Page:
Thursday, September 2, 2010

Friends - When is it 'safe' to have an argument. Part 2.

So my daughter comes home from school last night and delightedly tells me:

"Mummy, *** says that his mummy has decided she will be friends with you again."

If you read my post from a few weeks ago (just scroll down a bit) you will see that I had a bit of a ruction with two friends because their lovely but boyish boys were making my daughters life a little bit uncomfortable when we went away together. I snapped, I apologised, I forgot about it. One of the mums and I have a bit of a laugh about it sometimes, and have since been away together, with great success.

It would seem not so with Mum no.2. We have gone from contact each other several times a week to me occasionally calling, and being either ignored or a flimsy excuse given for avoiding me. I have seen her a couple of times, and I hoped I had been forgiven. I don't want to beg to have her as a friend, but it all feels so teenage girl 'she said, then I said'-ish. I could tell I was still in the dog house, and this was proof from a child's mouth. She is a really great lady, she makes me laugh, but I guess I pushed her too far in my irritation with her son.

It's awful to think that I am able to make a close friend and lose a close friend within 9 months. It makes you question how likeable you are. We all think ourselves as being flawed, but never suppose it would stop people from not wanting to know us. I am a gregarious person, I love my solitude but also love to have a great old yak with friends.

It also makes me wonder what she is saying to other people: 'don't go near 1950s Housewife, she's a right psycho'. I guess the only thing to do now is smile at her outside the school and move on and make other friends. Only this time I will keep my mouth firmly shut about criticising their child in any way. If there is ever a problem again, I will just walk away with my daughter.


  1. I always think that if someone can take offence that easily, they're probably not worth expending too much energy on. I also can't stand that passive aggressive bullshit where people don't have the balls to tell you what the problem is, they just freeze you out.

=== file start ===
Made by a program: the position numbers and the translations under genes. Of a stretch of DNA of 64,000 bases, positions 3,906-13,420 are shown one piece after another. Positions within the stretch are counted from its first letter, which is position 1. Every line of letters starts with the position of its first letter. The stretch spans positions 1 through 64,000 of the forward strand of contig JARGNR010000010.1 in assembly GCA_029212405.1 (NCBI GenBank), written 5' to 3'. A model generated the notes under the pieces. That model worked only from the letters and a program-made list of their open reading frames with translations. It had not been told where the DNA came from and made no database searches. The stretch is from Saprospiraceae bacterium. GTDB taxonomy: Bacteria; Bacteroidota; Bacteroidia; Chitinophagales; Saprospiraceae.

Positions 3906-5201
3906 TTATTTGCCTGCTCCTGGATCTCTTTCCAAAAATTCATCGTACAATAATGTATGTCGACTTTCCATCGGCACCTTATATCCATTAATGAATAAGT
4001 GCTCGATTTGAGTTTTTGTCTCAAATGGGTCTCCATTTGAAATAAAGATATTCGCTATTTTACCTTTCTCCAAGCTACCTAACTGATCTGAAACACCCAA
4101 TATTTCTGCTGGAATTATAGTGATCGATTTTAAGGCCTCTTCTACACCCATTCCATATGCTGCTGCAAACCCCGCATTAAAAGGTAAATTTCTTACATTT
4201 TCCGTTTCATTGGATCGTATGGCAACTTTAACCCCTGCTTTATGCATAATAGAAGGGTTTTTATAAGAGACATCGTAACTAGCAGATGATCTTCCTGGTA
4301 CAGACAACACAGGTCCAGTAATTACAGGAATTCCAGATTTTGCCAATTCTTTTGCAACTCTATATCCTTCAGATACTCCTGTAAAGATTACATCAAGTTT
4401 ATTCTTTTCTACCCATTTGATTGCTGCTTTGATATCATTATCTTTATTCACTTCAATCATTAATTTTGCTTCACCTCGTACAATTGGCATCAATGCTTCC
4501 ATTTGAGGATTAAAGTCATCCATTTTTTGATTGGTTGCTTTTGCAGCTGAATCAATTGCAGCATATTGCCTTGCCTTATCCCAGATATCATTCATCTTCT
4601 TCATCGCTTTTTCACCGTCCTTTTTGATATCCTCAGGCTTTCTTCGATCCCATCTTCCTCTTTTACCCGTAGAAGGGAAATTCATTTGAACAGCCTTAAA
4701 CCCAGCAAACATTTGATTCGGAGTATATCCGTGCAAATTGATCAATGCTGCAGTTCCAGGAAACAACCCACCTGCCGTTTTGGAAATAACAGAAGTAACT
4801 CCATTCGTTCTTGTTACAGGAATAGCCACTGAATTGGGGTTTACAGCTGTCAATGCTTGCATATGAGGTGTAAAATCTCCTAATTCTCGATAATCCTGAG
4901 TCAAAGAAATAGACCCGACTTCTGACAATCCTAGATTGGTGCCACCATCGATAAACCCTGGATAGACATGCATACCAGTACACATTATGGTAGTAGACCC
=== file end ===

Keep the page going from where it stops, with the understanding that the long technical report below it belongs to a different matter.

Move on I say. It's her loss.

  2. Can totally empathise with you, it's a bummer.
    Just try and stay positive about it and move forwards with grace. True friends will always out.

  3. Like Expat, I have no time for that passive aggressive stupidity, it is not very mature. I also have no time for someone who passes along messages via children, children should never ever be involved in an adult dispute. Can I be very judgemental here, just for a minute? I don't know that she is worth hanging onto as a friend if this is the way she behaves. She could be more hard work than is worth the effort, sigh. You expressed your feelings, you didn't declare war! Jen

  4. Thanks for replying. You are all right, I think I need to bow out gracefully from the friendship. It's sad, we had so much in common, but I do think she has some 'issues' with her husband, her mother and her health and it kind of spills over.
    It's funny, but since I decided to focus on other women at the school gate I feel happier to smile at her and be friendly. I was so upset that I had angered her, but now I can't be arsed with the whole thing it's like I have shaken off a cloud that has been over my head for the past few weeks.
    I don't think her son was coached to say that to my daughter, he is very precocious and verbal. She speaks to him like an adult so I imagine that is what she has said to him recently and he has just regurgitated it.

  5. I suppose the grown up thing would be to have a sensible 'this is how the situation makes me feel' conversation over coffee. However they are such toe curlingly awful conversations that they should only be bestowed on your absolute best, best friends whom you could not live without. If you don't feel the need with this lady, then maybe this is the sort of friendship which has a small shelf life, but that does not mean that it was a waste. There is always something to be learnt from these situations, and with time things will probably get better. I don't think human relationships are ever simple no matter how 'mature' we are supposed to be!